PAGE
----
I have long believed that one of the absolute first tasks I have when working with a new student is to earn that student's trust. I have to show each student that I am worthy of their trust, that the program that I am using to teach them will be effective, and that the room in which we work is a safe place. They must feel safe physically and emotionally. It takes a lot of trust in someone to be willing to make a mistake in front of them. And, as I explain to my students, their mistakes are what allow me to see where we need to focus our attention.
So, while all of this made perfect sense to me, there was one aspect of trust of which I was unaware and makes that relationship even more critical. When input enters our brain, the first area through which it passes is the area in which the brain determines whether that input is dangerous. If it's perceived as dangerous, it is immediately passed along to the "fight or flight" area; the brain can't send it anywhere else until it determines whether it is truly a danger.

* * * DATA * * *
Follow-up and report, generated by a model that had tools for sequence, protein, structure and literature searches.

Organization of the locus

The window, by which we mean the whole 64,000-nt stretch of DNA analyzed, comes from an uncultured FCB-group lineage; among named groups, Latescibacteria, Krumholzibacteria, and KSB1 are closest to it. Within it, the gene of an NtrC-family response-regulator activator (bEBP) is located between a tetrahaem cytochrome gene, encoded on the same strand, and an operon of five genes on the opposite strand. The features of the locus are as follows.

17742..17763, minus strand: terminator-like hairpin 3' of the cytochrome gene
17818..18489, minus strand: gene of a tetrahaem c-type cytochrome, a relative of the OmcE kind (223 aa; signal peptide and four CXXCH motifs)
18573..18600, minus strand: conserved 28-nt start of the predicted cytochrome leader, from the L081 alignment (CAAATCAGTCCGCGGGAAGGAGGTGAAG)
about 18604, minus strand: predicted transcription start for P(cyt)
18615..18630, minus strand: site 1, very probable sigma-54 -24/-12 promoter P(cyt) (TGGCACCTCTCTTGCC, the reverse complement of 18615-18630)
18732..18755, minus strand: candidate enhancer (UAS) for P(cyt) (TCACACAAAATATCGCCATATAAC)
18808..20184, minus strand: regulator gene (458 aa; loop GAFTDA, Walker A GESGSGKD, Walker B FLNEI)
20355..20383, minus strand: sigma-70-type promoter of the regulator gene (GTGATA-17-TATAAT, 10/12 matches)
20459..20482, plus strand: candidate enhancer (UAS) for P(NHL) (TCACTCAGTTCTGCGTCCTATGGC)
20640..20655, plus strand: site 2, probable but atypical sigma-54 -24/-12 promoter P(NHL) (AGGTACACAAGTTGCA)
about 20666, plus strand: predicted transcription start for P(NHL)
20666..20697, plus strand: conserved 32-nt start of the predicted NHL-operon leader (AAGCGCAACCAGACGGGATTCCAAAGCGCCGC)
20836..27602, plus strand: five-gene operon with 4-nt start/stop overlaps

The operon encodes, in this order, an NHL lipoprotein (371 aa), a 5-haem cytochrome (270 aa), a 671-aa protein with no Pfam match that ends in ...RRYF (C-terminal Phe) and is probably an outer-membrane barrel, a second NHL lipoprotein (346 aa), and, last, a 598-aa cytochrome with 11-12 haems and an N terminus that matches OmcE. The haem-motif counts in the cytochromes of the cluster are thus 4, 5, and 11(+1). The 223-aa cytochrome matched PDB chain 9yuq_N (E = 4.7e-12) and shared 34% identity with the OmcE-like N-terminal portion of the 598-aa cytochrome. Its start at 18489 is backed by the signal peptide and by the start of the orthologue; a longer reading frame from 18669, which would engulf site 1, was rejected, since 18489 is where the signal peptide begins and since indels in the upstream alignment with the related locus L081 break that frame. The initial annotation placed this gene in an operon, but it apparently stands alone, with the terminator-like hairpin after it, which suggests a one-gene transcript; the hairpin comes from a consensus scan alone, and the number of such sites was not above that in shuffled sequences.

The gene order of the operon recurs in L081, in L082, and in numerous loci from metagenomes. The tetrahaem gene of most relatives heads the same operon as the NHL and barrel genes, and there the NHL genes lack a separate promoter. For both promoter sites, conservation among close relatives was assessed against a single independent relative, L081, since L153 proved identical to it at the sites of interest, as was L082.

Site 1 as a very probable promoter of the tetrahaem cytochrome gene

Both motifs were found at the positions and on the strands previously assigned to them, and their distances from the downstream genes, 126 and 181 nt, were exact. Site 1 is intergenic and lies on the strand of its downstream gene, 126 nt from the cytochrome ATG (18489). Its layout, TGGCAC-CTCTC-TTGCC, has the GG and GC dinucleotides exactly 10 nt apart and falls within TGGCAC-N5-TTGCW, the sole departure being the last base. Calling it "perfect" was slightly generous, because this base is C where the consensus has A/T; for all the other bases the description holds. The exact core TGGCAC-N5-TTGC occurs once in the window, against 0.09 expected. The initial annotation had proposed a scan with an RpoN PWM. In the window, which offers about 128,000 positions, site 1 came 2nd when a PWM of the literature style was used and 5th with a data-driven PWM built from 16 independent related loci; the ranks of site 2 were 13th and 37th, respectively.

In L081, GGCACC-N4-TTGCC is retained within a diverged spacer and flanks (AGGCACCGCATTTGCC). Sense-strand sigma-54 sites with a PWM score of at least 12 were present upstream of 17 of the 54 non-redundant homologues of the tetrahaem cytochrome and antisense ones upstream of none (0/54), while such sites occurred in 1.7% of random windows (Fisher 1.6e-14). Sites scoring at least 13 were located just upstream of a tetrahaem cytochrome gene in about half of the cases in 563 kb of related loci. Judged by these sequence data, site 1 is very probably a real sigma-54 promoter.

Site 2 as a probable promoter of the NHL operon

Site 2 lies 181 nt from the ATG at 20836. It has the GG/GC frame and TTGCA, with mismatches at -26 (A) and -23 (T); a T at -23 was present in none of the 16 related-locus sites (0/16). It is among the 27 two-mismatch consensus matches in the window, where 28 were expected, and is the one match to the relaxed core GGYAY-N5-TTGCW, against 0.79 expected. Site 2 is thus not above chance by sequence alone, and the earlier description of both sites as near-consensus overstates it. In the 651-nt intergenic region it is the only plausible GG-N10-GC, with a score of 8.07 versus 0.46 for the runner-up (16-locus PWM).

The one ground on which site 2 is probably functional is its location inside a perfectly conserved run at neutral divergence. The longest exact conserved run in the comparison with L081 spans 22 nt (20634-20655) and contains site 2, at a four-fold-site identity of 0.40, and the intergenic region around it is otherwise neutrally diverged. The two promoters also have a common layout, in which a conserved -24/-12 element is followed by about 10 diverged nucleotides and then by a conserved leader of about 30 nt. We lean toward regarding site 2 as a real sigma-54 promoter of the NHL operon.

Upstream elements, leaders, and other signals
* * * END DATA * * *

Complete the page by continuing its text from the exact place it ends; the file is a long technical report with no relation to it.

Given that information, I now realize that if my student, for any reason, feels that what I might be telling them or asking them to do presents any danger to them, that information will not make it into the deeper processing areas of the brain. This perceived danger can be something as simple as a fear of failing. What this means for teachers is that, if a student doesn't trust us to provide a physically and emotionally safe environment at all times, our best efforts at teaching can be thwarted.
Establishing trust is a critical component of any relationship with our students.